In the often tumultuous cannabis industry, cultivators face a myriad of challenges that make profitability an uphill battle. From grappling with unregulated markets and relentless competition from well-funded interests employing race-to-the-bottom pricing strategies, to navigating the complexities of federal illegality and dealing with a patchwork of ever-changing regulations, the journey for cannabis brands is far from straightforward.
However, where there are challenges, there is also innovation, and our industry is no exception. In response to these obstacles, a range of technological solutions has emerged to assist cannabis cultivators in their quest for success. One such solution is AROYA, a service designed to empower cultivators by optimizing their operations and increasing yields through the application of science and data. AROYA is a cannabis-specific offering from Addium, an AgTech (Agricultural Technology) company specializing in precision cultivation.
In this Spotlight, we delve into the world of Addium, its origins, and the context driving its mission. We had the privilege of sitting down with Scott Campbell, the CEO of Addium, to explore the applications of AROYA and the story behind the company’s commitment to enhancing the cannabis cultivation experience.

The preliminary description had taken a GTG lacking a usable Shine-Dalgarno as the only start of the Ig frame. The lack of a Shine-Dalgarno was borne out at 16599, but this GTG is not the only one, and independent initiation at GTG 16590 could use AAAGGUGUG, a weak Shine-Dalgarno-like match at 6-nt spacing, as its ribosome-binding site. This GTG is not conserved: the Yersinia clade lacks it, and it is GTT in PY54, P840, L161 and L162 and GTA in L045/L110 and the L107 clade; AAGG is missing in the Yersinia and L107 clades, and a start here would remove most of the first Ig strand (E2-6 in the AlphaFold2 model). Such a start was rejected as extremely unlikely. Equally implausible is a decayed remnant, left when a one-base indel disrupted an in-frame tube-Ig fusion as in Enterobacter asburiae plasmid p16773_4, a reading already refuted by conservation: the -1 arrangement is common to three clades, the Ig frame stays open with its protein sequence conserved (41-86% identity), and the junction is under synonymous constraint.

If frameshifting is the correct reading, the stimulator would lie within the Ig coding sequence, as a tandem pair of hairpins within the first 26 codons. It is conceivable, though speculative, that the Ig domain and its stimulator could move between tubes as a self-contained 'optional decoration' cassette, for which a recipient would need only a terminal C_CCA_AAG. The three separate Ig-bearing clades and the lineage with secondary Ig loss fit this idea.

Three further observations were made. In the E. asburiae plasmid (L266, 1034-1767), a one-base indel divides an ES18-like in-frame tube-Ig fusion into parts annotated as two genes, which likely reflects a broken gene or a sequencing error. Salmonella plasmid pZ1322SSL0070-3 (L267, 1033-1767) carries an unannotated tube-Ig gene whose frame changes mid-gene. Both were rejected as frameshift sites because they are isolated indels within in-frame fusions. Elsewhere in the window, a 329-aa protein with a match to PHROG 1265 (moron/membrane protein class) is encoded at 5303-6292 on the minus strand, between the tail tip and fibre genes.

Addium was founded in 2022 in Pullman, Washington, located just near the state’s border with Idaho, in a region well-known for its agriculture. The roots of their story, however, trace back several years earlier. The vision to apply AgTech solutions to cannabis cultivation initially germinated during Campbell’s tenure at METER Group, another technology company based in Pullman that has offered scientific solutions to agricultural and industrial clients for decades.
METER Group was already developing solutions geared toward indoor cultivation, but Campbell noted that most of the applications were research-focused rather than agriculture-focused. The fact is, the current economics of international agriculture don’t financially justify indoor cultivation in areas where farming is difficult due to the environment, because it’s so cheap (albeit immensely wasteful) to import produce from overseas. Long-term, Campbell believes that indoor farming will become more common as it becomes more energy and cost efficient, and as climate change begins to have a more significant impact on agriculture around the world.
In the meantime, however, Campbell realized that cannabis was the first crop where it actually made financial sense to grow indoors, and while there were a variety of cannabis-focused equipment manufacturers and grow-monitoring systems that had been developed for growers already, none of them were using the combination of software and cutting-edge sensor technology that his company had to offer.